Cochrane is of course reasoning in some never-never land frictionless Walrasian model. This is the worse model we can manage to have to understand what money is about, no doubt.

However, what he says can be forced to make sense even in an Austrian setting.

Firms gain a profit out of investment because of relative price differentials. Adjusted for risk, this differentials need be compared with the cost of credit, which is greatly influenced by the Fed, both in the short run (no one denies it) and in the long run (next year's short-term rate will mostly likely be close to zero, too, and the same applies on longer horizons if the economy doesn't recovery: the expected cost of credit is thus almost zero in the long run).

Firms' net profits are thus given by price differentials, minus risks, minus Fed's rates, with some allowance for eventual interest rate spikes in the future). This is what drives investment.

In the Walrasian world, relative prices immediately adjust to neutralize the effects of the Fed nominal targeting. In the real world, non-neutral effects are persistent.

When the target rate is zero, there is nothing the Fed can do to foster additional investments, money is not neutral, but it is ineffective: it can't perpetuate a boom. This is no longer in the Fed's power.

On empirical grounds, it is evident that even in these conditions the Fed is capable of preventing economic adjustement by loan evergreening and moral hazard. The reasons for this are not very clear to me, as it would be much easier to claim that once interest rates are zero the economy worked as if the Fed didn't exist. It just ain't so.

It is important to note that Bernanke's (and others) focus on the (un)likelihood of inflation is symptomatic of the problems with his analysis. As Hayek noted many times, distortions can occur and multiply without there being inflation in the conventional sense. But this consideration is quite a pain-in-the-neck for the simple aggregate demand approach.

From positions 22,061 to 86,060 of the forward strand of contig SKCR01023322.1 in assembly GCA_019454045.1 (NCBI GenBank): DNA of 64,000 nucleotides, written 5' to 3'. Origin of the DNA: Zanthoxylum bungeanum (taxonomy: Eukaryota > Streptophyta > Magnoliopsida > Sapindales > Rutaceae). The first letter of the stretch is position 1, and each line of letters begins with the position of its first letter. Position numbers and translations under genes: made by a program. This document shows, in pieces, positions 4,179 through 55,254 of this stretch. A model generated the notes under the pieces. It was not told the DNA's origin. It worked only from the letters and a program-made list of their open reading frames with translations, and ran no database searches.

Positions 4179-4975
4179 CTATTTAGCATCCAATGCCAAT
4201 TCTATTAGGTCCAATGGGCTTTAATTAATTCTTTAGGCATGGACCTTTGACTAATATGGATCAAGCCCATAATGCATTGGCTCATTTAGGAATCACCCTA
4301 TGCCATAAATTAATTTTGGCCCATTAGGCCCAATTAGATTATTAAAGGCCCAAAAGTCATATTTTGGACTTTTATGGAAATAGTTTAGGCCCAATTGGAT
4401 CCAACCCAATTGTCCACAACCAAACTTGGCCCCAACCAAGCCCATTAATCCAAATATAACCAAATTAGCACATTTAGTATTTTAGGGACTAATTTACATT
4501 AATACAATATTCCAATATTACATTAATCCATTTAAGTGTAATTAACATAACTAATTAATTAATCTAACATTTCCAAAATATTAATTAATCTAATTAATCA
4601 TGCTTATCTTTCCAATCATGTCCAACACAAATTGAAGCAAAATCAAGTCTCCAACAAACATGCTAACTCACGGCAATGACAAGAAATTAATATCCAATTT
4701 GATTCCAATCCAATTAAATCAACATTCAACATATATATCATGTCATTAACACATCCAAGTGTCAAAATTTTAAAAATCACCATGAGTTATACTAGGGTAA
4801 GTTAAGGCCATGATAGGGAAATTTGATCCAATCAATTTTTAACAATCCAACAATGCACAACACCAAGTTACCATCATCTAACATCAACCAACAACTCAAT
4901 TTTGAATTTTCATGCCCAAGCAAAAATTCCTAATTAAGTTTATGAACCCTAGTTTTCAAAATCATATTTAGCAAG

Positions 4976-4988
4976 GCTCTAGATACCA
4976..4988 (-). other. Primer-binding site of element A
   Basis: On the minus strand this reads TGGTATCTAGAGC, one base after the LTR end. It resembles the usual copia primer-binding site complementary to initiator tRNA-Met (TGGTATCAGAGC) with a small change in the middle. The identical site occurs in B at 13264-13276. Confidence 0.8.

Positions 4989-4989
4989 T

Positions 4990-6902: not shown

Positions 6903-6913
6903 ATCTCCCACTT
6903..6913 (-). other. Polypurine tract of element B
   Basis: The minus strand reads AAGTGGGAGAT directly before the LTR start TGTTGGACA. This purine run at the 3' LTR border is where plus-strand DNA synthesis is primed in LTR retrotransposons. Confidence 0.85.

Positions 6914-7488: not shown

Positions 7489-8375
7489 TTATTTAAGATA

In this framework, what is to be done if you want to boost demand to reduce unemployment and yet avoid distortions that will come to haunt you later? The easiest --but incorrect -- thing to do is to ignore (for the time being) the distortions. And so the Fed-induced cycle continues.

What this suggests is that attempts to synthesize the "Keynesian" demand management approach with a more sophisticated bubble-distortion-malinvestment analysis will suffer from intractable problems.

I wouldn't go as far in the quasi-monetarist direction as Bill Woolsey goes. But, would go a little way.

We live in a world where there is long-run gradual price inflation. I'd argue that people take that into account in their decision making, though not perfectly. Even if there isn't an announced price level trend target, NGDP target, or inflation target, in practice in the past a gradual rise is what we've got. I'd argue that when planning people consider this as the default scenario.

If a central banker announces he will aim to hit an inflation target like this then what he's saying is "I will fulfill your normal expectations". I think this is important because investment depends upon a reasonably predictable price level year-after-year. He could just as easily say "from now on the inflation target is 0%". Indeed that would be better in the long run. But, the point is that he must ensure that the market isn't uncertain about the future.

Clearing this uncertainty will probably do much more than QE2 itself can achieve.

Pledging to use a new inflation target of 0% in the long run wouldn't necessarily be good for employment in the short run. In the short run as Bill and Pietro have pointed out we will have nominal price stickiness. I don't believe that all agents can gather good enough expectations for that to not be a problem. Especially because of the Hayekian argument for price-stickiness: the time taken for price signals to propagate through the economy to final goods prices.

I agree that QEII is not likely to stimulate the economy very much (nor is it likely to be very inflationary either), but Cochrane is one of the last people who should be consulted on what to do about our current situation. He is one of the leading advocates of the "all the unemployment is voluntary" school.

So, supposedly one day back in 2008, a bunch of people just woke up with their intertemporal elasticity of substitution shocked, shocked I tell you! They just up and quit work and have not been looking for any since.

Has anyone done any work on relative price stickiness -- which network topologies increase it, which ones decrease it? (Which would speak to those policies which affect network topology.)


What do you want to know about relative prices? I don't think the purpose of quantitive easing should be to create some pattern of relative prices. If relative prices need to adjust, let them adjust in an environment of stable growth of money expenditures. The notion that nominal quantities are unsustainable is absurd. I don't imagine that any particular constellation of relative prices will be maintained for long.

oh my!! i love you so much!!

Thank you so much.

The comments to this entry are closed.

Our Books